Story by Laura Lynch, PRI's The World. Listen to audio above for full report.
Chicken Street in Kabul is a destination for the few foreigners who are willing to take the risk of shopping downtown, knowing both it and they are potential targets for attacks.
The road is lined with stores selling carpets, antique swords and guns from the 1800′s. It also has its own army of street kids.
Twelve year old Fawad Mohammadi is one of them. He is a young man selling old maps with a great big smile.
Fawad has been selling maps and gum on the streets of Kabul since he was five years old. Like tens of thousands of other children in Kabul, he was sent out to help support his family after his father died.
He has a friendly, open face and sparkling blue-green eyes, but the smile disappears and his eyes cloud over when he talks about the skills he has had to develop to survive.
"When I'm working on the street, I always look at what's going on around me," Mohammadi said. "I try to stay away from places that might be targets for bombers. And if I see someone who looks suspicious, I try to keep away from them."
No child should have to learn such harsh lessons.
According to UNICEF, more than 30 percent of children of elementary-school age are working on the streets in Afghanistan and are often their family's sole breadwinners.
Muhammed Yousef has been trying to help vulnerable children for more than a decade as the founder of the children's charity Aschiana. He says since allied forces defeated the Taliban, the situation for children has improved. More than 7 million of them now go to school.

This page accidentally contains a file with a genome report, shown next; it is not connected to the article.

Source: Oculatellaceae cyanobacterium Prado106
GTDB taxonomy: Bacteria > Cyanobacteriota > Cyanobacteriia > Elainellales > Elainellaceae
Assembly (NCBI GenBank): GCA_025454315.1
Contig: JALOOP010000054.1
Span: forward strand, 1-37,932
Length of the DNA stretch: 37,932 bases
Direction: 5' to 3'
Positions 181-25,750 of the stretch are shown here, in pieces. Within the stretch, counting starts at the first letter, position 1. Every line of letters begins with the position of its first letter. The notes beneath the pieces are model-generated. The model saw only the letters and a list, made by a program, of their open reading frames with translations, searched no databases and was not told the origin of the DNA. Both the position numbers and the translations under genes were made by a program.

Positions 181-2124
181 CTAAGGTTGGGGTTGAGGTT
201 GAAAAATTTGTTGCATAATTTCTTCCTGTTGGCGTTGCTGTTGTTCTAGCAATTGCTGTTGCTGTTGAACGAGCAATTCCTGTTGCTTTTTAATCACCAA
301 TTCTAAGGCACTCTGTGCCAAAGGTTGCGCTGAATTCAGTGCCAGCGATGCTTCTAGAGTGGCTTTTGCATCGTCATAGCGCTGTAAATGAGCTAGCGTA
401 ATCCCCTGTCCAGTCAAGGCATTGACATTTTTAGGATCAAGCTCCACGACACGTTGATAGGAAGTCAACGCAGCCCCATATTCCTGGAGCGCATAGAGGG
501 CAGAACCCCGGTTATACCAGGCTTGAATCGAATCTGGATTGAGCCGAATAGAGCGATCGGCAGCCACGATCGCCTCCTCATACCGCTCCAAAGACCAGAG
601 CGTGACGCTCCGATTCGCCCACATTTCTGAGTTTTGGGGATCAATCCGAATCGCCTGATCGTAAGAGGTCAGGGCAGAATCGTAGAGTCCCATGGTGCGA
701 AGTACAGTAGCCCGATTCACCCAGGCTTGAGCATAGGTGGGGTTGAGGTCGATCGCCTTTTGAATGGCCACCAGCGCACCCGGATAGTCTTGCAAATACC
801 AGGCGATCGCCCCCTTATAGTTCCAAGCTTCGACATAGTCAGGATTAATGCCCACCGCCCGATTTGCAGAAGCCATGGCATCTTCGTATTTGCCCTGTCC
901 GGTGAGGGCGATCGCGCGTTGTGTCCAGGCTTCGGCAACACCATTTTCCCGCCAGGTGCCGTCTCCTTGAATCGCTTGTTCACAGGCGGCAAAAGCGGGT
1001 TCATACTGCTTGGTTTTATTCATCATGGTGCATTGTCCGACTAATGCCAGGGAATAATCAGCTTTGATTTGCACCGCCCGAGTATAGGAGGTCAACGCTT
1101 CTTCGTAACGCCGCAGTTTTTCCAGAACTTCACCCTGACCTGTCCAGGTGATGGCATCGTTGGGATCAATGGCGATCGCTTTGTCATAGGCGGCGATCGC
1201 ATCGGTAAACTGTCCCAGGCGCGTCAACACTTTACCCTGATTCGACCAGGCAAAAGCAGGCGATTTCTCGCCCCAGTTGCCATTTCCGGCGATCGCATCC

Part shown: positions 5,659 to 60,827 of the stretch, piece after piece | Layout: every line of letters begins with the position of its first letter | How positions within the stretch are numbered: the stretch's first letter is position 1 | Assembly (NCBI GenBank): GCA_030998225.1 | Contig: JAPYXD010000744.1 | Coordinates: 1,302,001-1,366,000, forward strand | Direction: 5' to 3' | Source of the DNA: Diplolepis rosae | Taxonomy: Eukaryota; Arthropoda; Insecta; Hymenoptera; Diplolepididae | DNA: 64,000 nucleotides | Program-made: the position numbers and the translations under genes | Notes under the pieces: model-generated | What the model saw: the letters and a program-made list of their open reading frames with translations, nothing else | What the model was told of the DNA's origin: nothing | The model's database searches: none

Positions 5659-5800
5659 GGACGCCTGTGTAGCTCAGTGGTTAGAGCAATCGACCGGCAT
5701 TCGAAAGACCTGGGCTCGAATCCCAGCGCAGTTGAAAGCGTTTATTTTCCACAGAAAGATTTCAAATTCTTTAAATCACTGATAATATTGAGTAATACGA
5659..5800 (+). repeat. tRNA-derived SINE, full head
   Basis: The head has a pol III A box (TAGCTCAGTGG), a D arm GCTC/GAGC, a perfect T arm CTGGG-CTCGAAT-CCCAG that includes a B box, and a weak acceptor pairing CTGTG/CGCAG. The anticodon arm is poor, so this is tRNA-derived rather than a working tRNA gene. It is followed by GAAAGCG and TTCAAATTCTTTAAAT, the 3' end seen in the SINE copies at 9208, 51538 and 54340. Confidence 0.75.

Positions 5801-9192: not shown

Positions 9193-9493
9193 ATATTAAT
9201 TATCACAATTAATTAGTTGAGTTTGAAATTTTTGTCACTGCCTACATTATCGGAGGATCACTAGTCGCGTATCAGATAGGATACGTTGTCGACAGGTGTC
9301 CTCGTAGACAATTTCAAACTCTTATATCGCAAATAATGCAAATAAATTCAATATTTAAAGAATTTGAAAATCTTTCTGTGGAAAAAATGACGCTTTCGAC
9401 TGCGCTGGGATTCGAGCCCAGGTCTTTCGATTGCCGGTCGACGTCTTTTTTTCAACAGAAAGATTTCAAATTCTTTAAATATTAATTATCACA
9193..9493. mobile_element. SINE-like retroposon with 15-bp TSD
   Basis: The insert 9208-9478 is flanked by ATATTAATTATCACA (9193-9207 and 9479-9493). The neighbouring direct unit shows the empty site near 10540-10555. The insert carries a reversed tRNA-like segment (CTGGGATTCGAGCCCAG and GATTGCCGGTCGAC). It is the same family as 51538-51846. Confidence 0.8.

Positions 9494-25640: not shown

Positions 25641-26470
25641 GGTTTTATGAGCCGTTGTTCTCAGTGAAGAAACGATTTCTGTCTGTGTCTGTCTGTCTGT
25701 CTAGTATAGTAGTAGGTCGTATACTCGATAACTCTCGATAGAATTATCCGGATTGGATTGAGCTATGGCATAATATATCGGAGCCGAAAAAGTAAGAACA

"But even now there are 4.5 million children who don't have access to education and in their area there is no peace, no security," Yousef said. "The children have a problem."
The problem goes beyond working on the street. A recent study of Afghan children's mental health by Durham University in England – the first large scale survey of its kind – found one in five children suffers from psychiatric disorders, including anxiety, depression, and post traumatic stress disorder.
Some children are forced into near slavery, early marriage or they become involved in the drug trade. In that sense, Fawad feels fortunate, but that does not mean he likes working the streets.
"I deal with a lot of different people, when I try to sell them a map," Mohammadi said. "Sometimes they push and insult me and when they insult me, I really feel ashamed."
Muhammed Yousef thought the lives of children would change more dramatically when foreign forces entered the country a decade ago.
"All of the people had hope, because a majority of people thought the war had ended and we would have a peaceful country," said Yousef. "We would have access to education and our children would be protected. The children would not have to work in the street anymore, there would not be kidnapping, the government would be very strong abd we would be living in peace."
That has not happened.
Read the rest of this story on The World website.
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